Terps' anatomy has backbone

September 08, 2004|by BOB PARASILITI

COLLEGE PARK, Md. - What started out as a football game ended up being an anatomy lesson for the University of Maryland football team.

When it came down to it, coach Ralph Friedgen discovered what this season's Terrapins lack in acquired brain power and coordination, they make up for it in intestinal fortitude, oversized hearts ... and mouths to match.

The Terps got an on-the-spot physical during last Saturday's 23-20 win over Northern Illinois. It was a game where most of Maryland's shortcomings were waved out in the open as if from the back of a hospital gown, but the Terps found a way to cover up and tie all the loose ends.


"We know this is a work in progress," Friedgen said Tuesday during his weekly press conference. "I'm elated that we won the game. That is the concern I had, that we would make mistakes and it would cost us the game. I told our team I think we were better than three points over Northern Illinois, but you can't turn the ball over and expect to win. I told them we dodged a bullet. Anytime you don't play as well as you are capable of playing and still win, that's a big plus."

The plus came in the unlikely approach the Terps had in the tight situation. Maryland acted far beyond its years as this youthful team overcame the adversity caused by three turnovers in the first four possessions and stayed grounded to get the win.

"Here's the thing that I'm pleased with," Friedgen said. "Last year, we had a senior team and when things didn't go right, there was a sense of panic. On Saturday, this team had a sense of determination, no panic. It was just whatever it takes to get it done."

Age and maturity are the biggest difference between this year's and last year's team. The 2003 Terps were covered in senior players. In 2004, most of Maryland's backup players are underclassmen.

In a sense, it has promoted a kind of "Ignorance is bliss" attitude for the Terps. Maryland might not be smart enough - or in other words, experienced enough - to realize how to act when things start going badly.

But what Maryland has in its favor is a group of players that learned from last year's seniors and is carrying the torch to help the Terps in years to come.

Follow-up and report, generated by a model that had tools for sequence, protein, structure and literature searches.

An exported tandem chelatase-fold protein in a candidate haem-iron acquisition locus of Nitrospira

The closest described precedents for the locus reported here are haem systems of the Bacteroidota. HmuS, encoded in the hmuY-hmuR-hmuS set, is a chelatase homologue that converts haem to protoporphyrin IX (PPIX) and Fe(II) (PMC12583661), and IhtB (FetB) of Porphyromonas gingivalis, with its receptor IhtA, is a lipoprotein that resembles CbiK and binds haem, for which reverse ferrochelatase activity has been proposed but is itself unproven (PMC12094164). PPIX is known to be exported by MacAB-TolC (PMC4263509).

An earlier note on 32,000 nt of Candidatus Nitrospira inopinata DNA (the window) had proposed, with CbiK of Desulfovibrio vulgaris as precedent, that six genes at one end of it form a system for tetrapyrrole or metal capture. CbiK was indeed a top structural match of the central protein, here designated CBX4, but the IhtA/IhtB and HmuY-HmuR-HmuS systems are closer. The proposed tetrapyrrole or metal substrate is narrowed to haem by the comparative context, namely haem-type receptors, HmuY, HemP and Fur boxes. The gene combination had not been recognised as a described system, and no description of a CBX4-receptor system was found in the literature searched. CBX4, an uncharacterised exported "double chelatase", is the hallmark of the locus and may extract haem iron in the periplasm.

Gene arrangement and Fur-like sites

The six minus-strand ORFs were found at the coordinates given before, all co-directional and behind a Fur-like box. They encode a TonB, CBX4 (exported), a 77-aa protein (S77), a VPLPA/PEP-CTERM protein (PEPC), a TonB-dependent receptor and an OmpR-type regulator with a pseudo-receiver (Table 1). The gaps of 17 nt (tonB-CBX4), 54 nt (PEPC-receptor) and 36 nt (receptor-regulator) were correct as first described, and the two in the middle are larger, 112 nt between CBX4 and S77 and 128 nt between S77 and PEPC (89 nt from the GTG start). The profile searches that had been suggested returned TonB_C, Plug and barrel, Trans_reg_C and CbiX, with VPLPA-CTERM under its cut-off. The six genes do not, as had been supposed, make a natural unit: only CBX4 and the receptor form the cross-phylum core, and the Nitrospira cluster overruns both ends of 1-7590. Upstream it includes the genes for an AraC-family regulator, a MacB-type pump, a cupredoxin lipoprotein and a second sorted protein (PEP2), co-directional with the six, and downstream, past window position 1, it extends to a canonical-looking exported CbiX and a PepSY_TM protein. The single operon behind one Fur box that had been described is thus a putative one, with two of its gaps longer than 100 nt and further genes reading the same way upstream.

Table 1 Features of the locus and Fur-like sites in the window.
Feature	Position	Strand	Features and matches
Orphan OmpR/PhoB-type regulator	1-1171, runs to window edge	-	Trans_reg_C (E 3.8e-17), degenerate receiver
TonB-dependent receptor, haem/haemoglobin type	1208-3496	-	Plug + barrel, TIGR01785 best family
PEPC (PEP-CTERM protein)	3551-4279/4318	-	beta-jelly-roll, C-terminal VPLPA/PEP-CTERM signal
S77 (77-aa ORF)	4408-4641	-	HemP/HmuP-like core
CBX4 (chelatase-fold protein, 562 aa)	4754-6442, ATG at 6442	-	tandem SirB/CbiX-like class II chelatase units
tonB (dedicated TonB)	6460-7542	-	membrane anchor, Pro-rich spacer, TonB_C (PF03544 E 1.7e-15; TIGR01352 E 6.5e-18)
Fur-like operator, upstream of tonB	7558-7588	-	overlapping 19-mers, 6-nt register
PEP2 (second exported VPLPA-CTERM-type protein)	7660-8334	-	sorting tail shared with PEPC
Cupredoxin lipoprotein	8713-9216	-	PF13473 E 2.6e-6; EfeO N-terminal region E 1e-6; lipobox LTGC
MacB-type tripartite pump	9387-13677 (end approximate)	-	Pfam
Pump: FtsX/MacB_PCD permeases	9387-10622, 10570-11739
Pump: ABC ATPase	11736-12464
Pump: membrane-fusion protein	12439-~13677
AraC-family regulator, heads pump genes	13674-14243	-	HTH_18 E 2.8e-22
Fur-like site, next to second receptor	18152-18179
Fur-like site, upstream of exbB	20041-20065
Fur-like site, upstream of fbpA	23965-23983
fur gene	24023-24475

"This team has some real leaders that are not afraid to speak their mind and are not afraid to say anything they feel," Friedgen said. "We had a lot of seniors last year who led by example. These guys are helping the younger kids to mature. On Saturday, if we would have panicked, we probably would have lost the game."

Friedgen singled out kicker Nick Novak, defensive backs Domonique Foxworth and Chris Kelly and linebacker D'Qwell Jackson as part of the vocal crowd that rallied the Terps.

Novak and Jackson were honored for their games as Atlantic Coast Conference Players of the Week. Jackson had a pair of interceptions that led to 10 Maryland points to earn defensive lineman of the week honors. Novak kicked three field goals and a pair of extra points to become the ACC's all-time scoring leader and earn a share of the top specialist award.

But Novak earned a higher regard from his teammates for the way he took the initiative to talk with quarterback Joel Statham, who was making his first start. Statham fumbled the ball away in Maryland's first two possessions, one leading to a Northern Illinois safety.

"I just told him that he's got to forget about it," Novak said. "I told him I know what it's like because I've had my ups and downs."

Football is a sport where coaches are considered the supreme power and their actions are never questioned. Some of the players, like defensive end Shawne Merriman, aren't going to let protocol stop them from putting their two cents in during a pressure situation.

"It's a lot different now than last year," Merriman said. "It isn't that now is better than then, it's just different. This is a more vocal team. I'm going to do whatever it takes to win. If I'm going to get yelled at for some of the things I have said, I will take it. But I don't think (the coaches) will say anything if we get the 'W.'"

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